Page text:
DOD takes steps to cut contract costs

House urges military to reduce spending on services through better oversight

Defense Department procurement officials have launched a review to find ways for the military to save billions in annual spending on contract services. Shay Assad, DOD’s director of procurement policy, said he has set a goal of saving 5 percent annually, or $5 billion to $8 billion, in the next two to three years.

“If we can save 5 percent…we can buy 45 F-22s every year; we can buy two DD(X) [destroyers] every year; we can buy the entire complement of [Mine Resistant Ambush Protected] vehicles for the Marines,” he said in an Aug. 27 interview.

Assad said DOD spends $140 billion to $150 billion a year on contract services. While Assad looks internally for savings, House lawmakers have passed a provision that anticipates savings resulting from increased oversight of DOD services contracts. The House version of the fiscal 2008 Defense appropriations bill would impose a 5 percent reduction of contracted services departmentwide in anticipation of savings from improved management and oversight. The House passed the bill Aug. 5.

“The committee contends that DOD is not providing sufficient management oversight to improve the acquisition and management of contractor services,” House lawmakers wrote in their committee report.

Assad said he is unsure how increased oversight could lead to savings. “It’s not clear to me how you go about that.”

Senators are expected to debate the Defense spending bill in September.
Alan Chvotkin, counsel and senior vice president of the Professional Services Council, said saving 5 percent on services is a realistic goal. However, he added that DOD should not focus on services alone when making decisions on which areas to save money. He said the Pentagon also should examine weapons systems, the federal workforce, and operation and maintenance expenses for potential savings.

Assad said DOD will complete work on the necessary metrics for measuring savings in the coming months. Meanwhile, the spending review targets several areas, he said.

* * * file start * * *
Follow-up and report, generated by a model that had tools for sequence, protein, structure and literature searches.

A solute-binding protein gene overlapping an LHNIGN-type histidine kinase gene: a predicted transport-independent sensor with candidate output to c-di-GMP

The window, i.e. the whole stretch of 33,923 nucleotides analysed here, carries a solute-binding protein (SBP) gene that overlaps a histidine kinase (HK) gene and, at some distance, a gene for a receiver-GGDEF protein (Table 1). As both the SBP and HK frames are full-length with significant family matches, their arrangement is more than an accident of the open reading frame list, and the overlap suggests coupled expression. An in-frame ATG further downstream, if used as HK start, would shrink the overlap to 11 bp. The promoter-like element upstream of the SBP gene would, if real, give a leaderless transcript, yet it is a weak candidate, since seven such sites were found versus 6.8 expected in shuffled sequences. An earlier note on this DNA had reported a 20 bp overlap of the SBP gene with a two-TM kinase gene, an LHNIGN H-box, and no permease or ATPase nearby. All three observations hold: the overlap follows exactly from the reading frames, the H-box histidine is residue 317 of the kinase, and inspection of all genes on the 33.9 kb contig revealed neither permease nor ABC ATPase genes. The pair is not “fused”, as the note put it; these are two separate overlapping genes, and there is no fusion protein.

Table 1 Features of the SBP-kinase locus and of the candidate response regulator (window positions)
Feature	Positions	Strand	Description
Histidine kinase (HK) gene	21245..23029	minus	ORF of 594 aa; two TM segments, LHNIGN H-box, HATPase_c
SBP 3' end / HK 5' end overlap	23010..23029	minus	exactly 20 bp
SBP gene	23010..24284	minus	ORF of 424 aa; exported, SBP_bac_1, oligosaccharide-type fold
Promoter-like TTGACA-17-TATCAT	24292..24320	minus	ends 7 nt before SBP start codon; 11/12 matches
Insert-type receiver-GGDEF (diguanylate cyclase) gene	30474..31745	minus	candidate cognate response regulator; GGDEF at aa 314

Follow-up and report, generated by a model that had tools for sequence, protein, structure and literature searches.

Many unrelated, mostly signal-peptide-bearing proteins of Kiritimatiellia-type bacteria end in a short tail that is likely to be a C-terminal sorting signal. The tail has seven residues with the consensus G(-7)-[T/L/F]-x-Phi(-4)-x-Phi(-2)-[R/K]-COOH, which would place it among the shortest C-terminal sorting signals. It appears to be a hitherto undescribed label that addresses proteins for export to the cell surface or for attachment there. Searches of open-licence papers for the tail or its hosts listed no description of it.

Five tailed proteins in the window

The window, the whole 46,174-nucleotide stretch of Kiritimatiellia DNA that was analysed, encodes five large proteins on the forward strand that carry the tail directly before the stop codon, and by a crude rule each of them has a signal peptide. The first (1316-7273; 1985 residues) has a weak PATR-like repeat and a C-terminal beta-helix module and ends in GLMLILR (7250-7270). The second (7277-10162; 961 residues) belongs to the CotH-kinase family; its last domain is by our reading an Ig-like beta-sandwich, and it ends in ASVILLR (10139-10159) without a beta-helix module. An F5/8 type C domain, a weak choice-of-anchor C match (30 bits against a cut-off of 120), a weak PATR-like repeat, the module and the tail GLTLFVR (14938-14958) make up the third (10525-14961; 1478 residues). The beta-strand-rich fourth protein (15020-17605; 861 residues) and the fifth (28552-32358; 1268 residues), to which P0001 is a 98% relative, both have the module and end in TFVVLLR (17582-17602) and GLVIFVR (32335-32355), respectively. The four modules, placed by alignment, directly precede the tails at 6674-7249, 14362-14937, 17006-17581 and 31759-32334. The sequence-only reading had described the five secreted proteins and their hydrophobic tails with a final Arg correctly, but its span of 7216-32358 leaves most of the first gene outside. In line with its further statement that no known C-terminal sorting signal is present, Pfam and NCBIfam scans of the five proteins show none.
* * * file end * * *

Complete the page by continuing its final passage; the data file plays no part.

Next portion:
One area involves contract language. Officials hope to save money by being more precise in writing contracts, Assad said. Greater specificity in performance work statements would help contractors complete their tasks more efficiently and reduce the potential for waste or error, he said.

In addition, DOD wants to foster greater competition — and savings — by awarding fewer large, multiyear contracts to single companies.

“For the major services acquisitions over $1 billion, we’re…out of the business of awarding this to one organization,” Assad said. Instead, DOD expects in the future to award shorter-term contracts that it would recompete frequently.

With shorter contracts, DOD would be in a better position to measure contractor progress and sever ties with underperforming companies, Assad said.

“We want to have the ability to keep the competitive pressure on our contractor base,” he said. “That’s when we get the best results.”

In their search for savings, procurement officials also are examining interagency contracts, which account for $20 billion to $25 billion in annual spending. Assad said DOD officials are talking to officials at other agencies, including the General Services Administration and the Interior Department, to determine which agency DOD could contract with for specific services.

“We really don’t want to have GSA be a provider of every kind of service that’s out there,” Assad said. “If they are the most efficient and effective folks to provide IT support services, then we want to focus on that with them and get the rest of the department to say, ‘We want you all buying your IT support services from GSA,’ for example.”

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